on the ground where it had fallen.
VOL. IT. NO. 28.
A movement is now on foot to erect
a suitable monuniont to perpetuate a
knowledge of the resting place of
him, whose name history will not
allow to be forgotten. His preach
ing was in keeping with the ardent
spirit of the man ; and was well
calculated to awaken the careless,
and to animate the zeal of Christians.
He was an ardent friend of liberty,
and his patriotism had much to do
in fostering the bold and fearless
spirit, which found expression in the
Mecklenburg Declaration of Inde
pendence, of May 20th, 1775. In a
brief sketch of the church we must
withhold much of interest that
might be written in regard to the
character, influence and works of
Alexander Craighead, the first minis
ter of;, Sugar Creek j not. only, but
whose ministry reached and influ
enced other communities surround
ing this mother of Churches; and
which, about the time of his death,
were organized under the names of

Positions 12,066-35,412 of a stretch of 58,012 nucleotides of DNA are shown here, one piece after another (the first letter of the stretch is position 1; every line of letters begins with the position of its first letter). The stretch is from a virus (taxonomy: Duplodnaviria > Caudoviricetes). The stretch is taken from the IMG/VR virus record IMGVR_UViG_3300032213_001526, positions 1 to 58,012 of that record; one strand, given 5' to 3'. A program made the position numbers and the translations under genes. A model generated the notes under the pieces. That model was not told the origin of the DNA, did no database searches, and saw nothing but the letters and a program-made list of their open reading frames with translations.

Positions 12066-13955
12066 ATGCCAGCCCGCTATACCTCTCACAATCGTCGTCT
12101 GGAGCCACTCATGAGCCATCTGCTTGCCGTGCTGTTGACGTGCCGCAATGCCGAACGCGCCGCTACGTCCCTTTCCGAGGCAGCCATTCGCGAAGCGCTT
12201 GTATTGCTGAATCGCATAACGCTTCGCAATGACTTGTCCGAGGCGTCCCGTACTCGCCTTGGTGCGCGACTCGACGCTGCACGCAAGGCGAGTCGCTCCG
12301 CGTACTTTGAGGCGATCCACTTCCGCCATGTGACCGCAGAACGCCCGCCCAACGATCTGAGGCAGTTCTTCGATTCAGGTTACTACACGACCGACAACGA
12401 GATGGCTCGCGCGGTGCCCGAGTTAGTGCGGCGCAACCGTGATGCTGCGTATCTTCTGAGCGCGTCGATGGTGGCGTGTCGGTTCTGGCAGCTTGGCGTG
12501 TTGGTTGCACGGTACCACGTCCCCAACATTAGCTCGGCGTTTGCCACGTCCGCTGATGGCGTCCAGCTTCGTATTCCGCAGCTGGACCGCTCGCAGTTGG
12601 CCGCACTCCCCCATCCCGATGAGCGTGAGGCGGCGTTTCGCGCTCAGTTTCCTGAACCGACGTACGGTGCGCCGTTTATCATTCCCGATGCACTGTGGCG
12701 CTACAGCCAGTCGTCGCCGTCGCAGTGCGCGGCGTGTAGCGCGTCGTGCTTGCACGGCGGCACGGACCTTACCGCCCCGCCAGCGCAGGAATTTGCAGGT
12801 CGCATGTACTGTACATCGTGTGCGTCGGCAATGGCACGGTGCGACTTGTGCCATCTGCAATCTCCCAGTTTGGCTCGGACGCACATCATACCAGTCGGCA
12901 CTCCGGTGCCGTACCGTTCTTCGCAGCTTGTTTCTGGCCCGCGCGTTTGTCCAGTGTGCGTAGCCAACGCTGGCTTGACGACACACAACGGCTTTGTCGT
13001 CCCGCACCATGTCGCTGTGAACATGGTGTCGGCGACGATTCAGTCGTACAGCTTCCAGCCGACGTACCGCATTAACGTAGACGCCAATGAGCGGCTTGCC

Providence, Steel Creek, Hopewell,
Centre, Popular Tent, &c. From
these churches gathered a large part
of the delegates who composed the
convention ; men w ho framed, adopt
ed and signed that remarkable docu
ment, "The Mecklenburg Declara
tion." The chairman of the con
vention and of the committee of
public safety, Abraham Alexander,
was an elder of the church at Sugar
Creek ; and of the signers of that
declaration, nine were elders of the
Presbyterian church, descendants of
, men who in Scotland had contended
for civil and religious liberty, and
1 who sought in this unsettled wilder
ness a refuge from oppression.
in tiie same okl graveyard is
j found it monument (near the gate, or
w here the gate was,) of Mrs. Jemima
1 Alex. Sharp, born January iuh, 1727,
died September 1st, 1707. She was
a sister of John McKnitt Alexander,
: secretary of the convention in Char
lotte, 1 775. In the southwest corner
' is the grave of Jane Wallis, who
died ii; the eightieth year of her age.
She was the mother of Uev. James
! Wallis, minister of Providence
church. His father's name was
Ezekiel Wallis. He was the first, so
far as known,who entered the minis-
' trvfrom the families of Sugar Creek;
he was born 1?G".J, was ordained by